If spatial organization of cells matters, we also expect that the initial spatial position of species in the community impacts coexistence. To test this, we started from 100 simulations instances and in each case, we tried 100 rearrangements, each obtained by shuffling the spatial position of species, while keeping the species properties and interactions intact. Interestingly, in many cases coexistence was affected (Figure 4—figure supplement 3), indicating that the adjacency to partners is an important determinant of spatial coexistence (as also suggested by Figure 1—figure supplement 3 and Figure 1—figure supplement 7). When we examined the effect of the fac:inh ratio on these outcomes, we observed that larger changes in richness when facilitation interactions were more prevalent in the community (Figure 4—figure supplement 4), which aligns with many of our other results showing that facilitation amplifies the positive effect of spatial structure on coexistence. Although these results are tantalizing, a detailed examination of the spatial organization of populations and metabolites within the community requires a dedicated investigation and is beyond the scope of this work.

Finally, our model assumes that dispersal and diffusion rates are uniform across species and metabolites, respectively. However, dispersal ability can vary widely across microbial taxa, depending on cell size, motility type, chemotaxis, quorum sensing, and other factors. And how the dispersal rates of individuals scale up to affect population- and community-level dynamics is not well understood. Likewise, the diffusion rates of metabolites have the potential to vary greatly with molecule size and shape. Although outside the scope of this work, we are exploring heterogeneity in these rates of movement as an interesting follow-up.

Overall, we believe this work revisits how spatial structure—and spatial self-organization—affects community assembly and coexistence. In our model, which emphasizes the contributions of interspecies interactions, we find that the impact of spatial structure on coexistence largely arises from two processes: (1) spatial self-organization, which can improve coexistence by favoring facilitation over inhibition, and (2) localization of interactions, which can promote coexistence in association with self-organization or hamper coexistence by slowing down and weakening species interactions.


Model description

Our model is an extension of a model introduced earlier (Niehaus et al., 2019) in which a set of species interact with each other through diffusible mediators. Each mediator is produced by a subset of species, consumed by a subset of species, and has a positive or negative influence on the growth rate of some species (Figure 1).


Here, Si is the spatiotemporal density of species i (i = 1, …, Nc). Cj is the spatiotemporal concentration of mediator j (j = 1, …, Nm). DCell is the dispersal coefficient for cells. DMed is the diffusion coefficient for mediators. kY is the local carrying capacity (for the total density of cells) at each location. ρij is the interaction coefficient expressed as the impact of mediator j on species i. Additionally,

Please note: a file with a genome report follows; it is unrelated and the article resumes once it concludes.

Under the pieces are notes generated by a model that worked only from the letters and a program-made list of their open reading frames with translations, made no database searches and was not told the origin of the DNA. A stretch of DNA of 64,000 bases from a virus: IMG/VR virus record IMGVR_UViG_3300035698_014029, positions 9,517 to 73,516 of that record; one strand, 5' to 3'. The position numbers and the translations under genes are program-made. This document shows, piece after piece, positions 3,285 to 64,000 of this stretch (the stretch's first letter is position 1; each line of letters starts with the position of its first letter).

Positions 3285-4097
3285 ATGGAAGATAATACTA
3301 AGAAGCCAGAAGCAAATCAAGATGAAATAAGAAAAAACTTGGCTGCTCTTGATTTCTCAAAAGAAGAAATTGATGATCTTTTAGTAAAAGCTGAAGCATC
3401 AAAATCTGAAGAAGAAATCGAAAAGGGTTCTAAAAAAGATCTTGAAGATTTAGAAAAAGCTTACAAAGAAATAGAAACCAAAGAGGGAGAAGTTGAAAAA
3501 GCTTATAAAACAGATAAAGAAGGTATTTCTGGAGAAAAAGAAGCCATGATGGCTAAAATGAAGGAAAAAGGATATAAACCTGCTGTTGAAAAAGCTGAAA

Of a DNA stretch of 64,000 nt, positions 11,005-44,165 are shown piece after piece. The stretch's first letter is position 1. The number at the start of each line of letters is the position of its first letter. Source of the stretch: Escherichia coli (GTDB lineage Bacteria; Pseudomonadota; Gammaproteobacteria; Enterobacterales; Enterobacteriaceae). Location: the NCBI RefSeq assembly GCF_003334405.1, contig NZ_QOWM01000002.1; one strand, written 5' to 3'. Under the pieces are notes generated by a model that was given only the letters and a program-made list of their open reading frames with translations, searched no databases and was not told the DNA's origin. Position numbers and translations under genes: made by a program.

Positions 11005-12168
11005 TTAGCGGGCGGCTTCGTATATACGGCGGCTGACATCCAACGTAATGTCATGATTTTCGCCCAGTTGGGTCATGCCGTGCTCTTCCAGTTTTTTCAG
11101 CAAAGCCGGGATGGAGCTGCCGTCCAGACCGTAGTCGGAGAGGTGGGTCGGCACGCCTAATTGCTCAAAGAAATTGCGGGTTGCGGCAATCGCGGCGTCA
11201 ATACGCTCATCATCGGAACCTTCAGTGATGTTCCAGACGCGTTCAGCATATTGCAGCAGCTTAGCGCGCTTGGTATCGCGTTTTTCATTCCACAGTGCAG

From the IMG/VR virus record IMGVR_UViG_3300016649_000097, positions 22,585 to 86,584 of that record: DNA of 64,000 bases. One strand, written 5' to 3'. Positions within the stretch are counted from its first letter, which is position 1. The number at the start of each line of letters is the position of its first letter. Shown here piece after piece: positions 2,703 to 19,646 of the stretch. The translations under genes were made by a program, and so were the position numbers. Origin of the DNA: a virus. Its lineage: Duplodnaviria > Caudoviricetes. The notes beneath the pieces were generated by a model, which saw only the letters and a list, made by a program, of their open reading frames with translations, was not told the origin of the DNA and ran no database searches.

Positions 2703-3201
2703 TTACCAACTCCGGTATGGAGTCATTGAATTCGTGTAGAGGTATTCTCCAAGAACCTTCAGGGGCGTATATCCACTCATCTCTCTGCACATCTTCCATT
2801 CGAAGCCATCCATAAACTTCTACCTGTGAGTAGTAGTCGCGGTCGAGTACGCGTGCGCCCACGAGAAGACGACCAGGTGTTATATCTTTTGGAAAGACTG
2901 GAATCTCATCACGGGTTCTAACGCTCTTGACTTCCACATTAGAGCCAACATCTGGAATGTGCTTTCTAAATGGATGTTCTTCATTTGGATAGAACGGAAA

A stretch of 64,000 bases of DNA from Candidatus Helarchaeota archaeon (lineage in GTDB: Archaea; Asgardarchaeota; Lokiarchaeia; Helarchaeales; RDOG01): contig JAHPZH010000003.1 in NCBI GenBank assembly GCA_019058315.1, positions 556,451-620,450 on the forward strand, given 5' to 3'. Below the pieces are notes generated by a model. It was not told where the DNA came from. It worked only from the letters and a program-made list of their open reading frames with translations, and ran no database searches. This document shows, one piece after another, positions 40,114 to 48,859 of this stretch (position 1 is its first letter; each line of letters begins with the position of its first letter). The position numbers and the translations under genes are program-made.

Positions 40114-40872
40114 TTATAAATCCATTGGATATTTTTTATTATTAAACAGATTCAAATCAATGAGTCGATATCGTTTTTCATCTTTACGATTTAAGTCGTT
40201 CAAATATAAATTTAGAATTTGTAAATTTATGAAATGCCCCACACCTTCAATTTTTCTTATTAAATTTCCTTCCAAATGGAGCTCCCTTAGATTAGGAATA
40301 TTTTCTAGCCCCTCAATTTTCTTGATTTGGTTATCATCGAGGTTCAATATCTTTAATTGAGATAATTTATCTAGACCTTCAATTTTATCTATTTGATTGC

δij={1,ρij<00,ρij>0 and δij+={0,ρij<01,ρij>0

ksat is the interaction strength saturation level. βji and αji are average production rate and consumption rates, respectively, between species i and mediator j. Similar to Niehaus et al., 2019, each species has a basal growth rate (in the absence of interactions with other species), and influential mediators additively modulate this growth rate. At z = 0 and z = Z, no-flow boundary conditions are enforced for both species and mediators by setting the local spatial derivatives of these parameters to zero at the boundaries.

Typical parameters used in our simulations (unless otherwise stated) are listed in Table 1. These parameters are chosen in the expected realistic range of values; for example, the typical diffusion coefficient of small molecules in water is in the range of 100–1000 µm2/s, and we have used 500 µm2/s as a generic value. When comparing spatial communities with their well-mixed counterparts, exactly the same parameters for basal growth rates, production and consumption rates, mediator influences, and networks of production and consumption are used. This choice is made to reduce the stochasticity caused by other parameters and to focus only on the impact of spatial structure.

Table 1
Parameters used in our simulations are listed.
ParameterValue (unit)
Number of instances examined (Ns)500
Number of cell types in the initial pool (Nc)10
Number of interaction mediators (Nm)5
Total initial cell density (TID)104 (cells/ml)
Interaction strength saturation level (ksat)104 (cells/ml)
Population extinction threshold (ExtTh)0.1 (cells/ml)
Population dilution threshold (DilTh)107 (cells/ml)
Consumption rate (αij)0.075–2.25 (fmol per cell per hour; avg. 0.15)
Stochastic with a uniform distribution
Production rate (βij)0.1–0.2 (fmol per cell per hour; avg. 0.1)
Stochastic with a uniform distribution
Probability of production link per population (qp)0.5
Probability of influence link per mediator (qc)0.5
Maximum interaction strength magnitude (rint,0)0.2 (1/hr)
Basal growth rate of species (r0)0.1–0.2 (1/hr); stochastic with a uniform distribution